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BE INSPIRATION │ KNOWLEDGE


Are you geospatially aware?


In recent years, the situation of school geography has generally been harmed by low status and poor visibility. Curriculum pressures threatened its position in many countries, despite the fact that knowledge about the world we live in and human impacts on it has never been so important. We all use and need geographic media (geo- media) to help us make everyday decisions, so we need a modern, relevant geographical education in schools, colleges and lifelong learning. This article introduces some of the latest European initiatives and explains why geography really matters.


Digital Earth: A Geographical Perspective


In 1998, former US VP Al Gore presented a farsighted Digital Earth concept, whereby detailed geo-spatial information could be accessed from any place, at anytime, by anyone. Advances in IT and mobile communications make this a reality today. Interconnected digital archives from around the planet, with vast amounts of scientific, natural, and cultural information, can be displayed, visualised and used on phones, iPads and tablets. This should lead to a much better understanding of the ways we impact on the dynamic, natural processes of our planet.


Geographers play a vital role in making sense of Digital Earth, as without a strong geographical dimension, the benefits of using Digital Earth tools will be lost. Therefore EUROGEO (the European Association of Geographers) has been instrumental in the formation and development of a European network to connect Digital Earth centres of excellence using geo-media and geoinformation in school education www.digital-earth.eu, in re-branding the image of Geography as a subjectwww.geo-cube.eu and in lobbying for policy reform.


Increasingly, everyone has access to spatial information when making decisions see for example Eye on Earthwww.eyeonearth.org. Communicating the geographical has never been so easy. Internet and mobile communication technologies now bring “digital earth” tools and geo-spatial applications (like GPS and GIS) to everyone. Anyone can now freely create, publish, share and communicate their own ‘intelligent’ maps online try www.arcgis.com/explorer.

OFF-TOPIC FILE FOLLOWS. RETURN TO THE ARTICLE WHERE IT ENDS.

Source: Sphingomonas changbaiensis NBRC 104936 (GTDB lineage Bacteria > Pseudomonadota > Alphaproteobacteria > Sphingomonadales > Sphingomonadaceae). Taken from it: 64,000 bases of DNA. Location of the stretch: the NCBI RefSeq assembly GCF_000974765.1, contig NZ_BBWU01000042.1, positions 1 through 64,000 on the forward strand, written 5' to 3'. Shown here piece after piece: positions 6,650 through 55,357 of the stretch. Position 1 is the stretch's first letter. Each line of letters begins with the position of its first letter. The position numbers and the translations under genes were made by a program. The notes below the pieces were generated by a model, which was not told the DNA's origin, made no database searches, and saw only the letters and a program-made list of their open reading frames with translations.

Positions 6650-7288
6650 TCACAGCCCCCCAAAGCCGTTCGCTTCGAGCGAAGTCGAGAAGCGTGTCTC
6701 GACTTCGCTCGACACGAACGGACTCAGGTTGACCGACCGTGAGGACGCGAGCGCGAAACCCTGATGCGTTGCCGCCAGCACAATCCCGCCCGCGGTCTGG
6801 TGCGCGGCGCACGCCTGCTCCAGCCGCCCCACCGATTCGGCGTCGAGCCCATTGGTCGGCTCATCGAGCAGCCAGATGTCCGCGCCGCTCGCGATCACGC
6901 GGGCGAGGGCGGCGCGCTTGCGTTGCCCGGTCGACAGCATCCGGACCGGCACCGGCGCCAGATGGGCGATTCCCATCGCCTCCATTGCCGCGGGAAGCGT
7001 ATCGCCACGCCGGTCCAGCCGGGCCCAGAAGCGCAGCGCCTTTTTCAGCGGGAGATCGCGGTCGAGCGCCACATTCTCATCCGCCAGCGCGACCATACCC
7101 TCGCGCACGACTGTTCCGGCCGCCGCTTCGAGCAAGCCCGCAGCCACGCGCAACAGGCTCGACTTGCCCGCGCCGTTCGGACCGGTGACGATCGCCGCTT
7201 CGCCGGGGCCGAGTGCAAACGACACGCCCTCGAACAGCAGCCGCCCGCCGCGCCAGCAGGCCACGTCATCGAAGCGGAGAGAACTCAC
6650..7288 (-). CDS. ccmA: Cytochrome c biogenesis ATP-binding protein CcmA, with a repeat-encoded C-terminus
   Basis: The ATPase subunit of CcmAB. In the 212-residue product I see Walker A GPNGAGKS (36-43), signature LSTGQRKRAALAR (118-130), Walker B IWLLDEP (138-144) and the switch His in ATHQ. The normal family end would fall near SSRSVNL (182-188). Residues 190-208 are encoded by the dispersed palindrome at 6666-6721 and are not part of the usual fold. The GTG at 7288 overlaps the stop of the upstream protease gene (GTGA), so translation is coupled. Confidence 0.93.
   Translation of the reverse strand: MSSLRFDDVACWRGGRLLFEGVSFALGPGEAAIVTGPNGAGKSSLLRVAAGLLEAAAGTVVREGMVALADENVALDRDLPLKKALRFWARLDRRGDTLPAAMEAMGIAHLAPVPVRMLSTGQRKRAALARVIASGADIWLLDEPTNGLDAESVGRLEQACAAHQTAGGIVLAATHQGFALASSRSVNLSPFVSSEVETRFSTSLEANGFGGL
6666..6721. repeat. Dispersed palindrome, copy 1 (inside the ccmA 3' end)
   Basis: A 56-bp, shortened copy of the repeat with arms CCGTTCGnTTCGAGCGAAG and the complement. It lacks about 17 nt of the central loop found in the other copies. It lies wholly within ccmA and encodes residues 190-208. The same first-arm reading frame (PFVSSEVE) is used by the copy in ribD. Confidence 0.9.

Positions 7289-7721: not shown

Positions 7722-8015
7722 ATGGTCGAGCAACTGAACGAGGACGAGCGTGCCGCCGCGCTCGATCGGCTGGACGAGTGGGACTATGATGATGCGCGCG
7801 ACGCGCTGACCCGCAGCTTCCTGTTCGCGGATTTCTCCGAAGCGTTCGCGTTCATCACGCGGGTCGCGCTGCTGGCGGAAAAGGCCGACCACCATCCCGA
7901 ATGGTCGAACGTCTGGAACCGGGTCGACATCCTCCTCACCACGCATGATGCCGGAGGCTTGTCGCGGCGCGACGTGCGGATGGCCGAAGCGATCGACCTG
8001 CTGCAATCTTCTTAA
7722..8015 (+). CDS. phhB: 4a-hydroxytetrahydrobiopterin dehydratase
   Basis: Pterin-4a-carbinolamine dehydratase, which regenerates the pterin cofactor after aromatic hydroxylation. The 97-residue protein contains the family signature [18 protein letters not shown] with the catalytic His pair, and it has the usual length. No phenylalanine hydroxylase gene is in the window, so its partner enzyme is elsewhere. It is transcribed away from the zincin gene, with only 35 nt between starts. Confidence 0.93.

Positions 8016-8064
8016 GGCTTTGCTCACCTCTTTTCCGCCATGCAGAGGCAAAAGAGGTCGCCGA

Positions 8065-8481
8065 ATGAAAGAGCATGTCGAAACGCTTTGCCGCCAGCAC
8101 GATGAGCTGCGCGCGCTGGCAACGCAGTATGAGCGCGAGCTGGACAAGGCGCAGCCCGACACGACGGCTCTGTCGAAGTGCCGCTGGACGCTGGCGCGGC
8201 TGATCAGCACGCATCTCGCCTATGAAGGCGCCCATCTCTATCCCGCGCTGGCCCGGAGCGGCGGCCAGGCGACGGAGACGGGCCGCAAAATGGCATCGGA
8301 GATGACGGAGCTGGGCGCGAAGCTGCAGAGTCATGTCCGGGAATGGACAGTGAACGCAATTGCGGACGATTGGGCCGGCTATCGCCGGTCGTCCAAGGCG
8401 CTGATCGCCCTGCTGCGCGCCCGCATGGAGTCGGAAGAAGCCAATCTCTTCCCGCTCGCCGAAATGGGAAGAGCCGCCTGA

Digital Earth offers us impressive tools to visualise the Earth as a system, but we need ‘the geographical’ to help us avoid being blinded by its power and fulfil the potential.


Geographical skills help us unlock the diverse ways the world is portrayed. Through geographical education an understanding of the Earth its relationships, dimensionality and systems can be enabled to encourage people to think critically about their place in the world. These “world citizens” need sound geographic skills to meaningfully engage with issues that matter to them and then to communicate their own representations of the world they want to live in.


Research in Europe shows there has been little or no attention paid to these emerging approaches in education. Schools and colleges thus find it difficult to keep their curricula relevant to students and leading employers report having significant shortages in workers able to work with geo-spatial technologies. Most education systems appear to be too inflexible to meet the spatial needs of society today. However, in a few countries where innovation meets policy and practice (like Finland, Greece, India and Thailand) national geospatial education reforms are under way.


Geocube: Branding the way to Explore Geography To raise the profile of geographical education, the Geocube concept was created by members of EUROGEO as a promotional brand. The multi-lingual Web site was designed to introduce issues commonly dealt with by geographers and presents them in an interesting and striking way.


The six faces of the cube have the themes:


• Living Together • Earth From All Angles • Fascinating Earth • Shrinking Planet • Exploring Our World • Useful Geographies


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